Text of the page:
Salwar Kameez Pleez

Gina writes:

This entry is a little late, but we've been really busy this week in classes, exploring Delhi, and spending time with the other volunteers.

Last Saturday, Corey and I decided to venture to Dilli Haat, a nearby marketplace known for crafts and foods from various parts of India. On the map, it looked fairly close to our hostel, so we decided to walk. However, walking a few kilometers in Delhi is very very very different from walking in the U.S. First, the dust and pollution of Delhi made our throats sore after walking along the busy streets. Second, the lack of sidewalks and so much construction made the walk a bit treacherous, since we had to pick our way along the streets, keeping as close to edge (and as far from passing traffic) as possible.

In any case, we arrived at the market in one piece and began perusing the stands. This particular market had a lot of household goods shops, cloth shops, purse/bag shops, and kitchen staples shops. We weren't looking to buy anything in particular, basically just taking in a typical Delhi experience. As we walked past a big shop selling gorgeous swaths of cloth, one of the shopkeepers urged us to sit down.

We sat down to look at the cloth, since I had planned on purchasing a few sets of salwar kameez. This is the traditional dress worn by Indian women. I'll have to wear these suits every day once we arrive in Koraput; (not everyone in Delhi wears them, since Delhi is more modern, but in rural areas, all women do). The shopkeeper showed us sample after sample after sample of cloth, in all different colors and patterns. I was overwhelmed by all the choices, but ended up choosing two sets that I was happy with. With all the activity, I was too anxious to drive a hard bargain, so ended up paying a little more than I should have (about $28 for the two sets), but lesson learned...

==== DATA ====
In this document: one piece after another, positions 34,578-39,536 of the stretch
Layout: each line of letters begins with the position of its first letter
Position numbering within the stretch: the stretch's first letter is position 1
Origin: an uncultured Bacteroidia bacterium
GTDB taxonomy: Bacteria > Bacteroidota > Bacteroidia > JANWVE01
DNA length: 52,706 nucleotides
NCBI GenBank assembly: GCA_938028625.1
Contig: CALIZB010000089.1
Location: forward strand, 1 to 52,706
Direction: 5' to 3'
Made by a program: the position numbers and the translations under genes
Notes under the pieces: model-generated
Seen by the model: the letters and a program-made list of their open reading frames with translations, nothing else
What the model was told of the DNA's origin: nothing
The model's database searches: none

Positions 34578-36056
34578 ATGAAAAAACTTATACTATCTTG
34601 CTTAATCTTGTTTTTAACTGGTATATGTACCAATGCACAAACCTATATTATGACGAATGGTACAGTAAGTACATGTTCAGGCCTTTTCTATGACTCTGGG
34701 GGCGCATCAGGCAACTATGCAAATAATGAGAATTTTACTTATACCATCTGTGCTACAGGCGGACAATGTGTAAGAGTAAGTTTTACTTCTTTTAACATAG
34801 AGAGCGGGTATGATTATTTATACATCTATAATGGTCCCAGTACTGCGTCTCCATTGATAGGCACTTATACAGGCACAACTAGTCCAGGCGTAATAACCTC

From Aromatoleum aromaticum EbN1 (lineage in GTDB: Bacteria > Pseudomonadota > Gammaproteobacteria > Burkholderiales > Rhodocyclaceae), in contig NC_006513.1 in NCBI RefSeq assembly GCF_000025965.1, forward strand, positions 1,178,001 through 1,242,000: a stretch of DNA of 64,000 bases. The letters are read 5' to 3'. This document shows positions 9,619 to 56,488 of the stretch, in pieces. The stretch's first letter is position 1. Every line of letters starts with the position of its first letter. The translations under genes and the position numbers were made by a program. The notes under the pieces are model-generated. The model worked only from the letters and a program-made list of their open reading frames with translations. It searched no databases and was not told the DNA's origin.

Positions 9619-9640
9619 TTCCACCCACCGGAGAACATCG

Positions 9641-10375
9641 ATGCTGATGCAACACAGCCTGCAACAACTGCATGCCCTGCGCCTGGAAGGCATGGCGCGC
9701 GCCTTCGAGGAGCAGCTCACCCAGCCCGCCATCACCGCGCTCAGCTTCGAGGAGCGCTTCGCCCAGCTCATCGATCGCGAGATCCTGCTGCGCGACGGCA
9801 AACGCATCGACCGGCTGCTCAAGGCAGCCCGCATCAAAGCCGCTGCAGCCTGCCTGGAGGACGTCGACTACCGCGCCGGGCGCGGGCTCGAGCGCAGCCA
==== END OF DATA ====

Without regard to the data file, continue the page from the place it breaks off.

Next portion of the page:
I took the cloth to the tailor across the way. He took probably two dozen measurements and asked questions about neckline, length, fit, etc. Then he said the suits would be ready the next day and would be 300 rupees for both (about $7)!

We had some trouble catching a rickshaw home, since a fence dividing the road prevented us from being able to ask rickshaws that were actually driving in the direction of our hostel. Also, the area didn't feel very safe after dark and smelled horrible! Once we got back to the hostel, we were a bit shaken, but we were glad to have had a very authentic Delhi adventure.

Side note: it wasn't until after we returned to the hostel that we realized we weren't even at Dilli Haat, like we thought, but were in fact across the street at INA market! No wonder we didn't see any crafts or food from around India!

The next morning, we returned to the same area to pick up my salwar kameez and find Dilli Haat. The trip was mercifully uneventful. Dilli Haat was okay, though a bit touristy, and we got the suits as promised.

I wore both salwar kameez this week, to get used to them. They are so comfortable! The scarf is constantly falling off my shoulders, but all in all, I'm super-excited about my new "uniform"!